I love that my daughters play and keep getting better. I love that we got to be on the same team today. I love that they get to be part of this intercultural experience.
I also play fútbol (soccer) with Nicaraguans sometimes, but I’m not very good. That means I don’t have the same currency to spend as I do playing ultimate. If I tell a Nicaraguan teammate in soccer, “Hey, great play, you’re amazing,” he or she is thinking, “Uh, yeah, thanks, Gringo, you suck” or “isn’t that cute? The old gringo thinks I’m good” (except in Spanish).
But I’m good at ultimate. For the level we play here, I receive a certain level of respect because that’s how sports work. This means I can spend that currency of respect given to me to puff myself up or to empower and affirm others. I’m an enthusiastic teammate. A teammate of mine in the U.S. once declared, “You’re the adrenal gland of the team!”
A fellow gringo player here once speculated on how many high fives I’ve given out in my life– on every point I play, I almost always give every person on my team a five after we score. Usually I give a few when we get scored on. Often I’ll give them to opposing players as we’re passing to prepare to start the next point.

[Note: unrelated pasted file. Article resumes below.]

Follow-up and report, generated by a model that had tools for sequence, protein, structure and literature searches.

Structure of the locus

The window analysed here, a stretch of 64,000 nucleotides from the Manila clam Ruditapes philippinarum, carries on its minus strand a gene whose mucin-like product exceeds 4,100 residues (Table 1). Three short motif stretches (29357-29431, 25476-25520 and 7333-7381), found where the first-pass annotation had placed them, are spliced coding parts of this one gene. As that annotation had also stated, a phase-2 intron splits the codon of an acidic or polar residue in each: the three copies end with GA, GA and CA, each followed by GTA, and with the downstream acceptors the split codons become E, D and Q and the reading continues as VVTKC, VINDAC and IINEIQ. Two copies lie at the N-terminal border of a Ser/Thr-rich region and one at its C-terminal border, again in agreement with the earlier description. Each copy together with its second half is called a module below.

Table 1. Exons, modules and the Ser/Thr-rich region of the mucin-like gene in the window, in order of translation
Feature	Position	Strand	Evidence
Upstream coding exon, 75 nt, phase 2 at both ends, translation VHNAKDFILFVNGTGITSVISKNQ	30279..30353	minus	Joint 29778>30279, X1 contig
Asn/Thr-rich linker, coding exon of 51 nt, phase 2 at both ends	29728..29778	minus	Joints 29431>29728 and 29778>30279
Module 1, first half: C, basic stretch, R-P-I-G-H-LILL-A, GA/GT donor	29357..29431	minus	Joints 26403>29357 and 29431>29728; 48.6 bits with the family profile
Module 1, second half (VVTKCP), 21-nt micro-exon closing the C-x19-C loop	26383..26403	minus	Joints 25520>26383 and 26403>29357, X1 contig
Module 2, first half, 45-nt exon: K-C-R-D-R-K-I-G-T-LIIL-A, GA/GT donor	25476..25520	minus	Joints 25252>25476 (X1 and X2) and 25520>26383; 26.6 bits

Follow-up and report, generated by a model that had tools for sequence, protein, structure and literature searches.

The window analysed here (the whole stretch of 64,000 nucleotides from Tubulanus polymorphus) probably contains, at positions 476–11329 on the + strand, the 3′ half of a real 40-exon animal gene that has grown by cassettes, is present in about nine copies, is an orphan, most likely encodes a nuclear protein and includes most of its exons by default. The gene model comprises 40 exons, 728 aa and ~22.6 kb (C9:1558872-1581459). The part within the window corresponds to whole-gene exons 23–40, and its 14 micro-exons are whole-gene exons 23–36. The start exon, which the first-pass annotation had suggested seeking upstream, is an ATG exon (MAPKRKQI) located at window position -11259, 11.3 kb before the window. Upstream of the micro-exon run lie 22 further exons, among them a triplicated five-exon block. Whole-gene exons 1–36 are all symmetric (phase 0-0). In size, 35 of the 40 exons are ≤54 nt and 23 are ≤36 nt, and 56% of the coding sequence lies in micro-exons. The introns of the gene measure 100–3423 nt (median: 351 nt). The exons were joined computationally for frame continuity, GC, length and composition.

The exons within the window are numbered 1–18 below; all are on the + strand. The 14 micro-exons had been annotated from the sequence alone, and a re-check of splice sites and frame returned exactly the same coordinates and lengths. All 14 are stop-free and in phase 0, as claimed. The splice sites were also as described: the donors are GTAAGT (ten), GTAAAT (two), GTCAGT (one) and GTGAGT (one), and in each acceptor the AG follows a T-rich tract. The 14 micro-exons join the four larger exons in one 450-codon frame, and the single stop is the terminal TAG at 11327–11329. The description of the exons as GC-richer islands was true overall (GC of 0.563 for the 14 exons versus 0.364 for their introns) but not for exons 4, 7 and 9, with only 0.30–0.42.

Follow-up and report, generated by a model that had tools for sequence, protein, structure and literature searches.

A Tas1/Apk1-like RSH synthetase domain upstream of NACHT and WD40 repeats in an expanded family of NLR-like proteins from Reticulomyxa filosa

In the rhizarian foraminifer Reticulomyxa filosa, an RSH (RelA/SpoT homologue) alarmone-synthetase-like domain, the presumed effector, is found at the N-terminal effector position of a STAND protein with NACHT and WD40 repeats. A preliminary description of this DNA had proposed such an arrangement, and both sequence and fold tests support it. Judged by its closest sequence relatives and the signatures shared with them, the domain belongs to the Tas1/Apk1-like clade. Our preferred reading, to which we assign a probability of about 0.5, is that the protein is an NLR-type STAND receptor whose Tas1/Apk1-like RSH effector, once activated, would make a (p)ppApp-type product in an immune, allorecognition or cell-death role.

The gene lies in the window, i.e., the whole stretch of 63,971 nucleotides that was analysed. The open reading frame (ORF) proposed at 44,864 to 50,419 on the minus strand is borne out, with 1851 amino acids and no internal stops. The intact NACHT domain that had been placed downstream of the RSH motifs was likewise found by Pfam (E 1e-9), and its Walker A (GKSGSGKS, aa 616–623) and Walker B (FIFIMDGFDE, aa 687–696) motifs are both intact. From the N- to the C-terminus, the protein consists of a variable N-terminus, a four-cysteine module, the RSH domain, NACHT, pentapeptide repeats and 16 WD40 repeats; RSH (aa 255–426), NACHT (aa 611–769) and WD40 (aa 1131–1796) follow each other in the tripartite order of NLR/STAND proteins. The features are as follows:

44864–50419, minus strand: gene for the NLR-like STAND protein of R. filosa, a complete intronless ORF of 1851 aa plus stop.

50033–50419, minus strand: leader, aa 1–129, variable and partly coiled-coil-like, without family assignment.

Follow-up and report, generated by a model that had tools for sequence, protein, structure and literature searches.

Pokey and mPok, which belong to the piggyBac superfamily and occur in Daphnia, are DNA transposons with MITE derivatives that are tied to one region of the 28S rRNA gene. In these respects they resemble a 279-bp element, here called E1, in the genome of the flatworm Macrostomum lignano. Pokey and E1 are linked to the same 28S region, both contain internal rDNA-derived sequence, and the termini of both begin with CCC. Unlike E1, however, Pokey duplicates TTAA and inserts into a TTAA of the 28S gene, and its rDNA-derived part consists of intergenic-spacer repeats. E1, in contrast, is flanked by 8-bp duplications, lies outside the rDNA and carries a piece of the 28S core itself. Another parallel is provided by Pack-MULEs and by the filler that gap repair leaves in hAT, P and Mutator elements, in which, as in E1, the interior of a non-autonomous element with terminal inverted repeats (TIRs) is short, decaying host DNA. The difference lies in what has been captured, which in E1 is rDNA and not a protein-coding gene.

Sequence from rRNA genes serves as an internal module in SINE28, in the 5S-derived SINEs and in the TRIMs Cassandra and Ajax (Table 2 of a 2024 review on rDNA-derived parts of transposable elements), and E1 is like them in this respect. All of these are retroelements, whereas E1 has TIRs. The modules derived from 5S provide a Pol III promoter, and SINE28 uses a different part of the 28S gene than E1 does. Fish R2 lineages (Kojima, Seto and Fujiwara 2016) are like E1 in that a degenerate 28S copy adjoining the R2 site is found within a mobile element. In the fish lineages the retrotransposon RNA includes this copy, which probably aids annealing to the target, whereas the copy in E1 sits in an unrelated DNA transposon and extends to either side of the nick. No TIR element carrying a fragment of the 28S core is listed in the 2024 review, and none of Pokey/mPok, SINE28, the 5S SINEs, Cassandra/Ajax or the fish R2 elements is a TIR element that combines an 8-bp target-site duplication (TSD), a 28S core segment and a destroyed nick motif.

These are the obvious things I’m saying: First, sports works in a developing world cross-cultural setting because they offer everyone with athletic ability (or even just cussed determination) a chance to participate. Today’s was a tournament particularly geared toward new Nicaraguan players put on by an organization called Breaking Borders. The entry fee was 60 cordobas ($2).
Ultimate is particularly cheap because you can play the whole game with no special equipment other than a round piece of plastic which you can get for $5 to $8. Cleats help but you can play without them.
Second, ultimate offers me the opportunity to build others up, to encourage and affirm and teach them. Is it a big deal if someone is good at ultimate? I’ll answer the question with a question: is it a big deal if people feel loved and accepted and empowered? Ultimate may be the only place in some of my teammates’ lives where that happens. I’m 48, I’m slowing down, I’m not cool, and my Spanish still sucks. But I can try to be the face of Jesus to a few young people because I can throw a disc well.
I like winning and sometimes I get a little distracted from what’s really important in being on the ultimate field. I do play hard because in sports I believe this is respecting yourself and your opponent. But today was a good reminder of what else ultimate can offer: a chance to be on equal footing in a country, in a world, where people are valued for what they have and not who they are.
*Playing ultimate, which requires sprinting, cutting, stopping, and jumping on grass, works better in cleats.